Why Your Software Team Shouldn’t Aim for a Five-Star App Rating
I hope your app doesn’t have five stars.
I’m not being rude. It’s just that when your app has five stars, there is nowhere to go but down. Star ratings are important, but many teams are so focused on that metric that it is killing their apps and hurting their business. Having a five-star rating stops innovation, puts teams under pressure, and can even get you fired.
It is an open secret that the best apps from the best companies don’t have five stars. Facebook is doing just fine these days, spending millions of dollars each year on testing, and their app hovers around four stars on the Google Play Store. Google Search, Google Maps, and Snapchat also have four stars.
There are lots of apps with 4.5+ stars out there—but you probably aren’t using them much. The Opera browser app has 4.5 stars in the iTunes Store, but chances are you use Chrome, which is just under four. The most loved, most used, and most monetized apps don’t have five stars, so why is your app team chasing that?
I’ve met with several app teams that have attained this enviable star rating. Are they happy? Are they largely successful? Nope. Many are falling behind because they live in fear of losing that five-star rating. Pushing a new version of their app means the risk of getting a new, lower rating—and that’s a risk most of them won’t take.
Imagine an app team practicing agile and continuous engineering that used to update its app with new features and bug fixes every two weeks. But since getting that sought-after five-star rating, the team hasn’t pushed a new build for a year. The app looks out of date, and users are getting bored and not returning. Teams like this are frustrated because every new feature or bug fix it wants to push never stands up to the risk of losing that fifth star.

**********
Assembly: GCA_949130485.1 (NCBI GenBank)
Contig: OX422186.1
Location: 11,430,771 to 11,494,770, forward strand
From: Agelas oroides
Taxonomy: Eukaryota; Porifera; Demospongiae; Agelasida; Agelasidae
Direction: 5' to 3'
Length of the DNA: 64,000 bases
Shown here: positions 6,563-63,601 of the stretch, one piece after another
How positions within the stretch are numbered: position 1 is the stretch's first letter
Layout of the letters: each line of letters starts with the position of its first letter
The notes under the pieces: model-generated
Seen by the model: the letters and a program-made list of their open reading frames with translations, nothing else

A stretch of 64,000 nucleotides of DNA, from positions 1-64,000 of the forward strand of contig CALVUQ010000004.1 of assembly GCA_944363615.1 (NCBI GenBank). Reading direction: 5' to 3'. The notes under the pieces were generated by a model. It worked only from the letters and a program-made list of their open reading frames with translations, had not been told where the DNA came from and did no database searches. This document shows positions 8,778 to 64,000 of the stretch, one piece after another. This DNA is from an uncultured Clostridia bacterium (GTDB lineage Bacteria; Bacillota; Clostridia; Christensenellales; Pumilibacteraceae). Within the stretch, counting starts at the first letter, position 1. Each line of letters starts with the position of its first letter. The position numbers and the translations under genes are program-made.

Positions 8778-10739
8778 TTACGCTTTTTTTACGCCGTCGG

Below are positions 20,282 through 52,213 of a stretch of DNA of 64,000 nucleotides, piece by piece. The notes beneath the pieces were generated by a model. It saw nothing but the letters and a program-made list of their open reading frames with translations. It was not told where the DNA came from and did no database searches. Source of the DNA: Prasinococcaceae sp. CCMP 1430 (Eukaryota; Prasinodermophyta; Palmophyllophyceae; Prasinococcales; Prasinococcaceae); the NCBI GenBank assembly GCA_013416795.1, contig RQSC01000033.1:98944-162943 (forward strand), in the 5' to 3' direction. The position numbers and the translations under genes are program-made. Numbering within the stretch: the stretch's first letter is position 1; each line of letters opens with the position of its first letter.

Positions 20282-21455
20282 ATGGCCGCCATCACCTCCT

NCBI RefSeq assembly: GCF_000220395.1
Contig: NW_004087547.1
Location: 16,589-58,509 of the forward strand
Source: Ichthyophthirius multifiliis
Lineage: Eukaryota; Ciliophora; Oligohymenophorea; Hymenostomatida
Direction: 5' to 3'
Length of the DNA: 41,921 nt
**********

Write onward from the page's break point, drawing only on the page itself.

Five stars also isn’t great for job security. I know an app team that shipped a radical new user interface. Their rating plummeted from five stars to three as users adjusted to the redesign. What happened to all those previously confident five-star developers and testers? Many were let go. Before the new crew could “fix” the app, the star ratings crept back up to four as users settled in, and, more importantly, more money started flowing through the redesigned app. Four stars ended up being better than five, but the new team is taking the credit.
It is counterintuitive, but that fifth star can be the kiss of death. Build a four-star app and be content with that rating. You’re more likely to have a great company, a great career, and a happy app team.